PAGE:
Well, I don't know about that. The last time I wrote about the replica theatre called 'Shakespeare's Globe' (just in case of confusion with anyone else's), it was about getting there, rather than about the rather flaky performance of 'The Danish Play', which frankly is too packed with quotations for its own good.
So this time, it's going to be about the actual play. 'Doctor Faustus', by his so-called rival Christopher Marlowe. I was dreading it. I kind of assumed, (not knowing anything much about Marlowe other than that he was murdered on some river steps in Deptford, possibly by the KGB, this gleaned from a half-remembered Anthony Burgess novel), that it was going to be a bit of a slog. The legend of Faust - sell your soul and body to the devil for twenty-five years and then take the hit - well, it isn't exactly a Dan Brown plotline, is it?
As usual, I'd failed to take into account that plays only really work when they are staged and acted. Why didn't they teach us that at school? We spent countless hours force-reading this stuff on the page, failing to make any sense of it at all. I now know that that wasn't my fault - the teachers didn't really understand their material. If I was writing my ideal EngLit curriculum (ha ha, as if), I'd start with 'Don't let a child read a play until s/he has seen it performed', and take it from there.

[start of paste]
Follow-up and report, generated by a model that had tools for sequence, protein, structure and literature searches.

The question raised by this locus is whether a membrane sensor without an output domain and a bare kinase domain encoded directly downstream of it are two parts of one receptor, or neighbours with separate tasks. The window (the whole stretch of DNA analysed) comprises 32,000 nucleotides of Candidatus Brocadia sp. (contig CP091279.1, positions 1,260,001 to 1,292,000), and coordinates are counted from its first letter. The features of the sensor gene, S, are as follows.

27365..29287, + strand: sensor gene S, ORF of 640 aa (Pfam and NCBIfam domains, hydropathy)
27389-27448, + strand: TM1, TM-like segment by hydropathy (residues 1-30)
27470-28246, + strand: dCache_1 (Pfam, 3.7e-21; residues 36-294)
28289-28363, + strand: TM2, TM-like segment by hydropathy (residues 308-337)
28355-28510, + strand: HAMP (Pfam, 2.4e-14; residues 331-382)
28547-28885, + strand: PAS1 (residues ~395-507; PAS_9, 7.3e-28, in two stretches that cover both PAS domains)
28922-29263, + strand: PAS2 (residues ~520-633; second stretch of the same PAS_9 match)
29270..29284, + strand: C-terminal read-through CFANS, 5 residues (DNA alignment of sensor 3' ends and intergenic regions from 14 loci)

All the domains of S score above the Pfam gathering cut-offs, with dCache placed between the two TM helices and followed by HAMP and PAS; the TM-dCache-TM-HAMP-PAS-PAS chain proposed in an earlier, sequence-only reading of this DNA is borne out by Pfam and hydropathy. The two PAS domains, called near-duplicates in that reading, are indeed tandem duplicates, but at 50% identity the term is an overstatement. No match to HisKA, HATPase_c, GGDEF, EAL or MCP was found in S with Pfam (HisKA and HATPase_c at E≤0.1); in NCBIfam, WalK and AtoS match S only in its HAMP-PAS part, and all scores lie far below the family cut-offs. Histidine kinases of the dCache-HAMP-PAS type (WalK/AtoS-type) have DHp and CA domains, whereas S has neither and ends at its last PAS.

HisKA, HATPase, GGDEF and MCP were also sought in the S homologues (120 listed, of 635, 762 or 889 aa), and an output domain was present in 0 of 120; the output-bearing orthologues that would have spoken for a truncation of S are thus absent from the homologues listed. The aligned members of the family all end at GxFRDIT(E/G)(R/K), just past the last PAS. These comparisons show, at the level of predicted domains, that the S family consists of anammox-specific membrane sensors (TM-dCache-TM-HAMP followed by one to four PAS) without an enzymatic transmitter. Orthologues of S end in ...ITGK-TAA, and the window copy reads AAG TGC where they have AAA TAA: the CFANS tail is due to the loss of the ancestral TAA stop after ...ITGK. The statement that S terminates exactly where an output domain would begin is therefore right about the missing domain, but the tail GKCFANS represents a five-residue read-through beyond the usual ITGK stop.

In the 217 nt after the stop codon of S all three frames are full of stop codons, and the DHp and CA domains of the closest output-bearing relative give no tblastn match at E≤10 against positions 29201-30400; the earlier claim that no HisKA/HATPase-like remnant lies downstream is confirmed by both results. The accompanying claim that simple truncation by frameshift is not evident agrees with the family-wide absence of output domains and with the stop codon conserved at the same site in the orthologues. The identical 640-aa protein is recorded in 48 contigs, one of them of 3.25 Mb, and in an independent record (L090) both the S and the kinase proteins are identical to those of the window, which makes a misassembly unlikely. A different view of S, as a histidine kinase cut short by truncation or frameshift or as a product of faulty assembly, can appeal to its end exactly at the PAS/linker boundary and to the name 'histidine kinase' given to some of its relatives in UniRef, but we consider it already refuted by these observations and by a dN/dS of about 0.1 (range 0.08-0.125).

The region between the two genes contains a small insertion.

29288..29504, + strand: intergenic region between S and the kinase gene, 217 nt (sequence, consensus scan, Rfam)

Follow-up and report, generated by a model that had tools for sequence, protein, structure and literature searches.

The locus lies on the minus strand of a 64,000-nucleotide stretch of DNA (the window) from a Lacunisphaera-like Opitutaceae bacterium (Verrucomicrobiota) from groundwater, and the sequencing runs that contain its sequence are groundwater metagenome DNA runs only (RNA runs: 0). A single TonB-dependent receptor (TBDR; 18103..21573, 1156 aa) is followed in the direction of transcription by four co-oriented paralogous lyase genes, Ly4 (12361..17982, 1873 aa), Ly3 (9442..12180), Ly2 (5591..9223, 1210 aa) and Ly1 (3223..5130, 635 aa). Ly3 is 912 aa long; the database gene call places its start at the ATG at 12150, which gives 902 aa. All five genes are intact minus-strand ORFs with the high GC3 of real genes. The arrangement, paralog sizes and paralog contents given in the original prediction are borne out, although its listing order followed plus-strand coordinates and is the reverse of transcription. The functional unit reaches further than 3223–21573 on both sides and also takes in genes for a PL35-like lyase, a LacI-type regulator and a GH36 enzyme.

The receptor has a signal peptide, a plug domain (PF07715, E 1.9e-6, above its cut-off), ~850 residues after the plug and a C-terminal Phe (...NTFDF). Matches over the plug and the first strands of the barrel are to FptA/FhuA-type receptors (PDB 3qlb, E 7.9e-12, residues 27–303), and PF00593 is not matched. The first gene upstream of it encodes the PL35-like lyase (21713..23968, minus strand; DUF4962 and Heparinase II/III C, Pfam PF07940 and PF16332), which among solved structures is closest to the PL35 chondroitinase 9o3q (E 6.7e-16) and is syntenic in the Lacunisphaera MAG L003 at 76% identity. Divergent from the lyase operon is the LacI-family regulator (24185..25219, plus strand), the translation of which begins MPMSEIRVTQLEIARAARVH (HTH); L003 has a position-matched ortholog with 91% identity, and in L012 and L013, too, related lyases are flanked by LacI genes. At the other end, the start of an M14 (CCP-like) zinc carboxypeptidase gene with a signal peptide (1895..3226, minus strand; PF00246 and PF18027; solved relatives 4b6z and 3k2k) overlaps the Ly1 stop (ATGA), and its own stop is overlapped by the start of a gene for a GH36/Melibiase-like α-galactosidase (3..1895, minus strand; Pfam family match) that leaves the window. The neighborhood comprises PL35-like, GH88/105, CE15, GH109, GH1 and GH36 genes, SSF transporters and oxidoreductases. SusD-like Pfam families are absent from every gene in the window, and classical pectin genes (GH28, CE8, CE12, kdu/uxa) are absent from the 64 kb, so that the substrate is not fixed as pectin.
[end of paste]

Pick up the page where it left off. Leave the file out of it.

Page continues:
Anyway, on the stage, it was a romp. High comedy, both verbal and slapstick, scary beasts and spirits and politicians and priests (the Pope was definitely modelled on Peter Cook's cameo in 'The Princess Bride'), and even the tragic ending (can you guess what happens?) was just precisely overacted.
Can't wait for the next one.